- July 1, 2020
It’s about so much more than painting.
Gaby West pulls her cart full of canvases, paint brushes, colorful tubes of paint and water cups down the hall of Serenades at West Orange, stopping at a room where a dozen or so memory-care residents are gathered on sofas and around the television. She speaks softly and kindly to each one, inviting him or her to create a piece of art.
Some go with her; others decline — but all are given the chance to stimulate their minds through art therapy.
West leads the Paint a Memory program at several West Orange County memory-care facilities through Artscape and sponsored by Winter Garden Art Association and Healthy West Orange. She spends about an hour in each session, assisting the seven or eight residents who join her for the hourlong program.
On a recent Tuesday, West led a painting session with six women, all at various levels of memory loss. They wielded their paint brushes and, with a deep concentration, added bright springtime colors to their flower paintings. A few asked for help, several said very few words as they worked diligently on their projects — but all of them ended up with beautifully crafted pieces of art that will join the other artwork that adorns the walls of Serenades.
Throughout the process, West visits with each artist, caressing a cheek or holding a hand or simply listening to their stories.
“With the residents, providing emotional support is also a kind of key factor that, I think, makes a huge difference in quality of life,” West said. “They know me, and having that connection is important too.
“The art program provides them with a way to still continue to express themselves,” West said. “Every painting you see, even if it’s been sketched out, they’re all a little bit different. … To be able to express that and to have some fun, it’s all part of living a healthy lifestyle. And it’s also a memory that families get to keep forever; it’s something they’ve made.”
STIMULATING THE MIND
The Paint a Memory program was started in 2018 at the SOBO Art Gallery by Elizabeth McKinney, co-founder of the WGAA.
She had taken care of her father, who was in an assisted-living facility, and understood the importance of brain stimulation in the elderly. West took care of her grandmother, who had Alzheimer’s disease, in England many years ago.
The partnership took a natural course.
“It was something that touched both of our hearts and it was important to us,” West said.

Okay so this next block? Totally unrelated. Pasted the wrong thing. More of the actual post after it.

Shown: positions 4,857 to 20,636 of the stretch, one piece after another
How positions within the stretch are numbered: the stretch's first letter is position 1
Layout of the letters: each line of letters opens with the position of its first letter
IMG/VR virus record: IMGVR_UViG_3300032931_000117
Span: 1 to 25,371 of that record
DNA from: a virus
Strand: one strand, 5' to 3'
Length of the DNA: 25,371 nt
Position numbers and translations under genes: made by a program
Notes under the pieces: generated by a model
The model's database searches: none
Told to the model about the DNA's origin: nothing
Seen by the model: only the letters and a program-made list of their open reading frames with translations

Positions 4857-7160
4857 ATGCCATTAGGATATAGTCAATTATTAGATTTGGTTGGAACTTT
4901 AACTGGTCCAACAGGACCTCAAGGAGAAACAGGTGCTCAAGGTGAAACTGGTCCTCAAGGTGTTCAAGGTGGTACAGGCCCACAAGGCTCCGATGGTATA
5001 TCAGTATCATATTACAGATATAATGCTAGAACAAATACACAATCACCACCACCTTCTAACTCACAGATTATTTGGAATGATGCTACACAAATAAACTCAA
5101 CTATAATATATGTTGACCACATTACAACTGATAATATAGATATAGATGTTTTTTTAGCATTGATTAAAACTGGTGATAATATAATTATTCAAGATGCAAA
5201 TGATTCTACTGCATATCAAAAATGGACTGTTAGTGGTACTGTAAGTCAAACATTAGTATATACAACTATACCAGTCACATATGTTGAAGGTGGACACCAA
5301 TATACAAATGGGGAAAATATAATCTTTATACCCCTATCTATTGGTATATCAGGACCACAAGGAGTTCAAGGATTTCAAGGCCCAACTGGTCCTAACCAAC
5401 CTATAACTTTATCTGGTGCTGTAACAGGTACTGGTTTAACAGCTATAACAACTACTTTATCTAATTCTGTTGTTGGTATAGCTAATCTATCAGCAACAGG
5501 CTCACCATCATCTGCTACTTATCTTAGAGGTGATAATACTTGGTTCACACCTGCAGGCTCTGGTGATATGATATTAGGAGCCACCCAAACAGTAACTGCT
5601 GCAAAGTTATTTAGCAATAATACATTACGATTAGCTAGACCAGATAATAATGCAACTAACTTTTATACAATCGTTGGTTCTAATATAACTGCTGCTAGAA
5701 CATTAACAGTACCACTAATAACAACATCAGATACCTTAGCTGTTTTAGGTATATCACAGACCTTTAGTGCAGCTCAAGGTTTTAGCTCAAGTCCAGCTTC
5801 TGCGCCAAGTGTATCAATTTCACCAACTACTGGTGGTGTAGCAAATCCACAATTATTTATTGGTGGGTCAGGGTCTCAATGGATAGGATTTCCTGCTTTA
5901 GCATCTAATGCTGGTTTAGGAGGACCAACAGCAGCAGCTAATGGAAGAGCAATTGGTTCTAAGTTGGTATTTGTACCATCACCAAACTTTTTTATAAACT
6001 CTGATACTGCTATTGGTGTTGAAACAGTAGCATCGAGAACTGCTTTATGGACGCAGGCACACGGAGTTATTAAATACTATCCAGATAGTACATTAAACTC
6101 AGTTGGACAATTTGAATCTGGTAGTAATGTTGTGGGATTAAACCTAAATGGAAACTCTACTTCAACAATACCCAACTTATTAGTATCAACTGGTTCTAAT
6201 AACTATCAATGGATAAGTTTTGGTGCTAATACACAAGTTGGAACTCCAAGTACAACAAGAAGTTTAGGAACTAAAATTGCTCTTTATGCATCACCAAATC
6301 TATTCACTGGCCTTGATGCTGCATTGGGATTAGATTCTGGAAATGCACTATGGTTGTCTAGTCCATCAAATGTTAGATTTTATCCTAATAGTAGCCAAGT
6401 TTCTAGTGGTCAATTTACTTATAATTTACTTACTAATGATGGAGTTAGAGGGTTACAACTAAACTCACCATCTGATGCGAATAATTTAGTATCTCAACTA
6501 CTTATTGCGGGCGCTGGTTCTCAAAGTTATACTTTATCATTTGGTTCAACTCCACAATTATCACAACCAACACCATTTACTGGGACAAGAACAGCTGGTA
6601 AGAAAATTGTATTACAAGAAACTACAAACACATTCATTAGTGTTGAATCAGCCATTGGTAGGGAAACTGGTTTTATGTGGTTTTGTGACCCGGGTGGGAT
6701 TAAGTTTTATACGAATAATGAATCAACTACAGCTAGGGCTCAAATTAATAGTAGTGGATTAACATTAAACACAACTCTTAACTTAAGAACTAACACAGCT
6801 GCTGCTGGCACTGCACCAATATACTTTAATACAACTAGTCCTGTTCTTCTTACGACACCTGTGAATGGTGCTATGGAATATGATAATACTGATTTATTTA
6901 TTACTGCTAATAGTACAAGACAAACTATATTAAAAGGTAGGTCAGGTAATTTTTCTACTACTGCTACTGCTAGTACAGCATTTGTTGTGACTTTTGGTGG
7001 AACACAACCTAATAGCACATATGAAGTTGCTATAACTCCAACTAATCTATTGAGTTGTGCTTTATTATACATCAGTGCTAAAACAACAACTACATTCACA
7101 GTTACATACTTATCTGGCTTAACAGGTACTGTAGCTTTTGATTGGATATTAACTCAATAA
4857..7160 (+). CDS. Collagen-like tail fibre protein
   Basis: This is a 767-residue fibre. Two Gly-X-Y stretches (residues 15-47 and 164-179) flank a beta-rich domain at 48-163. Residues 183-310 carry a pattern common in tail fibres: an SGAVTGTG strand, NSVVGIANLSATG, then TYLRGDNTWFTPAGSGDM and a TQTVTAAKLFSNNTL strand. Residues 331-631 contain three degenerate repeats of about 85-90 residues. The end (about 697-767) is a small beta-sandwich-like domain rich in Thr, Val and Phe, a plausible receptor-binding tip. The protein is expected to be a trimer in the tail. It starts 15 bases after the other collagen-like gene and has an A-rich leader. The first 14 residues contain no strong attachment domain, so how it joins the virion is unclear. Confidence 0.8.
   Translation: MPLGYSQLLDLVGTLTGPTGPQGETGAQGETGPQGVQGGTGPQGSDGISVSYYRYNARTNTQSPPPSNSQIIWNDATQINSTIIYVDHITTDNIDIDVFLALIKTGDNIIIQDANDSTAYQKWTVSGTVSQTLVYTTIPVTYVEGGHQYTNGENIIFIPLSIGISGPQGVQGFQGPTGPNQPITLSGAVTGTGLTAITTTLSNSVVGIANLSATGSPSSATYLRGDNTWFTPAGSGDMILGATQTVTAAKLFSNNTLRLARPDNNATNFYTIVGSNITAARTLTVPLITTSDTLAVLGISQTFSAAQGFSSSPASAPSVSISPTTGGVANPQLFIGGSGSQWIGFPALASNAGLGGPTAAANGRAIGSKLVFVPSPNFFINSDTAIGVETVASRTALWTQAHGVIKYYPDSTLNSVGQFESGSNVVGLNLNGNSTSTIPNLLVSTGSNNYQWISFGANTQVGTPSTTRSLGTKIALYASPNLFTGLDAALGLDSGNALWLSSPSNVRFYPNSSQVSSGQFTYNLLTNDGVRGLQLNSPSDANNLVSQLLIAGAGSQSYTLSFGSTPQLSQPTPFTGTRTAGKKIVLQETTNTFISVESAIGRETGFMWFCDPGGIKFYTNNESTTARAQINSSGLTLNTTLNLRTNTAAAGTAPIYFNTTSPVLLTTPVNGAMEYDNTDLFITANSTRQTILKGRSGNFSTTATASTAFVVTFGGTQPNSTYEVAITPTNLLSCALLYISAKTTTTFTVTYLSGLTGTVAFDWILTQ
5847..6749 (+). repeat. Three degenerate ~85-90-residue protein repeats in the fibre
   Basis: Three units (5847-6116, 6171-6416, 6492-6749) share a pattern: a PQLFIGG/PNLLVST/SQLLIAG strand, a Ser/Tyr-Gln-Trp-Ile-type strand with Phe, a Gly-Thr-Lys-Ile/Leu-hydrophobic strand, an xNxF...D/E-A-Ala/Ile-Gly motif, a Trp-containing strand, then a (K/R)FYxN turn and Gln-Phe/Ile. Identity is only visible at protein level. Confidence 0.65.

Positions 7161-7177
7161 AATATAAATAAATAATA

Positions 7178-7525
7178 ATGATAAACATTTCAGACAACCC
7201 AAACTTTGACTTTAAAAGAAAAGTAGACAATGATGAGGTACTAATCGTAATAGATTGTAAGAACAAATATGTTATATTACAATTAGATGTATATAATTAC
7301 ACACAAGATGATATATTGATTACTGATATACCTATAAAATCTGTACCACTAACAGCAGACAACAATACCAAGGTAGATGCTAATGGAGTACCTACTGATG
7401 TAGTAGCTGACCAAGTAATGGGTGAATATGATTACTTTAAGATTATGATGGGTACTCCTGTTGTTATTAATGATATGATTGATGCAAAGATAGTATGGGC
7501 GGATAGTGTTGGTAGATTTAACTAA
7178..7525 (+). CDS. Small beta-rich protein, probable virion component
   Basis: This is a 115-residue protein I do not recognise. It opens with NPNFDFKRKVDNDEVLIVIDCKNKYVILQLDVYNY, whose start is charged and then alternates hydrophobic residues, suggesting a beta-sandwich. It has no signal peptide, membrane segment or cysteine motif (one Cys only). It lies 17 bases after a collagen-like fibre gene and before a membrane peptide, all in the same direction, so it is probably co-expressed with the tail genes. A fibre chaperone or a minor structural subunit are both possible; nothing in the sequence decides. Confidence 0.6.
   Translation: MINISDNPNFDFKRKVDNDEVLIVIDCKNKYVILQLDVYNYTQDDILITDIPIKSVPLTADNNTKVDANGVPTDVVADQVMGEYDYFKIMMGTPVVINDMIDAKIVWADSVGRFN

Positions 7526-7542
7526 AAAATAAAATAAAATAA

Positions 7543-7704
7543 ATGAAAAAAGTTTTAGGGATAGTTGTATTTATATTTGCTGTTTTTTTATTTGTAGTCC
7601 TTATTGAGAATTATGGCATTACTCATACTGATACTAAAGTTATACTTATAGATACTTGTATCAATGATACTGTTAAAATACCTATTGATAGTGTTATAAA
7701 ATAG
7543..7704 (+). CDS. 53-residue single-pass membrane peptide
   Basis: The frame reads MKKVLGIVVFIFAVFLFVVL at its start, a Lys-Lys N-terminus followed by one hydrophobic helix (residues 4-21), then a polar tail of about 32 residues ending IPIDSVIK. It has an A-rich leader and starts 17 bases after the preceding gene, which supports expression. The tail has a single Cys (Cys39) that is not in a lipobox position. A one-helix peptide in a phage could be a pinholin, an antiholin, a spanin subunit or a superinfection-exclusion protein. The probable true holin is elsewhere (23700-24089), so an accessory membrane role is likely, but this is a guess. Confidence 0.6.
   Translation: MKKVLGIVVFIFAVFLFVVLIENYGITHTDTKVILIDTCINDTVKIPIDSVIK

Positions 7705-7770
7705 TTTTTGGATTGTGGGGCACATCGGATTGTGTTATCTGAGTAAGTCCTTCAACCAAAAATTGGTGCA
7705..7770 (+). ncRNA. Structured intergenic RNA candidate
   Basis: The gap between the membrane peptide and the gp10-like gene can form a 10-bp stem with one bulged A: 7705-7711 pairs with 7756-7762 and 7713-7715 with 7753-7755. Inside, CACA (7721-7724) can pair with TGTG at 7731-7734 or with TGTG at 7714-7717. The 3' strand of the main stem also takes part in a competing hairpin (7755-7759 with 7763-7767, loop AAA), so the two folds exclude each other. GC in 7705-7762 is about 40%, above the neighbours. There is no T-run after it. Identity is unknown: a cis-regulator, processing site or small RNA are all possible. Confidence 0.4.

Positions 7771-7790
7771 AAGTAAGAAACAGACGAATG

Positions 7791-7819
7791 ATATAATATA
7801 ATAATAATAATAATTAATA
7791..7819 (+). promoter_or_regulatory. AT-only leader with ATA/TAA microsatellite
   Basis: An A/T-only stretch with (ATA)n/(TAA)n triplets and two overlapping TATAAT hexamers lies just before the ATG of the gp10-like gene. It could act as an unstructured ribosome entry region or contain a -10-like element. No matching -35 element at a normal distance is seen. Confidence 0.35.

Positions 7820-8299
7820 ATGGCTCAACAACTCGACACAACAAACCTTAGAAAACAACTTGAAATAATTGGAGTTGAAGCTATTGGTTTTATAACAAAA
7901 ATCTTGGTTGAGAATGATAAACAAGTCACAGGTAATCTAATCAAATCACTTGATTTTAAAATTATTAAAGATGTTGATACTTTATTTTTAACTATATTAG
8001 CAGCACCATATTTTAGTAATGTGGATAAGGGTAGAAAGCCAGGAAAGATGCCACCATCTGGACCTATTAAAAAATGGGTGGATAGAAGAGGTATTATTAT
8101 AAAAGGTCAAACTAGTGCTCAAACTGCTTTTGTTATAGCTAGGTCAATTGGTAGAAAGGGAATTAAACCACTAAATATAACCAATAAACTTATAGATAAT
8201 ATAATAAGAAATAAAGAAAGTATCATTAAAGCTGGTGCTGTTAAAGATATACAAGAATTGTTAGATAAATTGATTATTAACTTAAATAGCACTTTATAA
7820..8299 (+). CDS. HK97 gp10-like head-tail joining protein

Classes are held in facilities that are home to elderly residents, especially those with dementia and Alzheimer’s. The program originally took place at SOBO, West said, but after the pandemic, she and McKinney changed the format to take it to the residents. They received a grant from Healthy West Orange and are hoping to secure more funding to keep the program going.
“We do have some generous West Orange community members who can see what we’re doing with the program, and they value it, and we’re so incredibly thankful for it,” West said. “There are so many people we can reach with this work. … We’re hoping if we can secure more funding, there are several other facilities that need our help, and we hope to expand it.”
West offers five classes a week and would like to be able to double that with more funding. She also wants to train artists so even more classes can be provided to residents.
“I’ve noticed huge changes,” West said. “It shows you when I first started working with them and literally in about a month how far we’ve come if I’m here every week. … And it’s not just painting, it’s other skills where they are utilizing other hand-eye coordination.”
Linda Mena, executive director of Serenades, agreed with West.
“It’s so much more than art,” Mena said. “It’s the brain stimulation that they’re getting. Art therapy for dementia patients is so important.
“Studies show cognitive development will improve through art therapy techniques,” she said. “With Gaby’s program, it truly provides a way to stimulate their minds and helps them engage in activities more easily. Those classes are truly so much bigger than the paint brush and the canvas. It allows them to bring bold bright colors to life in their mind.”
During the holidays, residents made personal gifts, including Christmas ornaments and canvas art, for their family members.
“It was just so touching,” Mena said. “Our whole Serenades program is celebrating their abilities that are left, those they can still do, and not focus on what they can’t. No resident is the same, and no piece of art is the same.
“The thing with this too, people with dementia have trouble expressing their feelings … and this allows them to get their thoughts and feelings on canvas as well,” Mena said. “They enjoy it. Engaging in creative activities always enhances their moves and improves their general well-being.”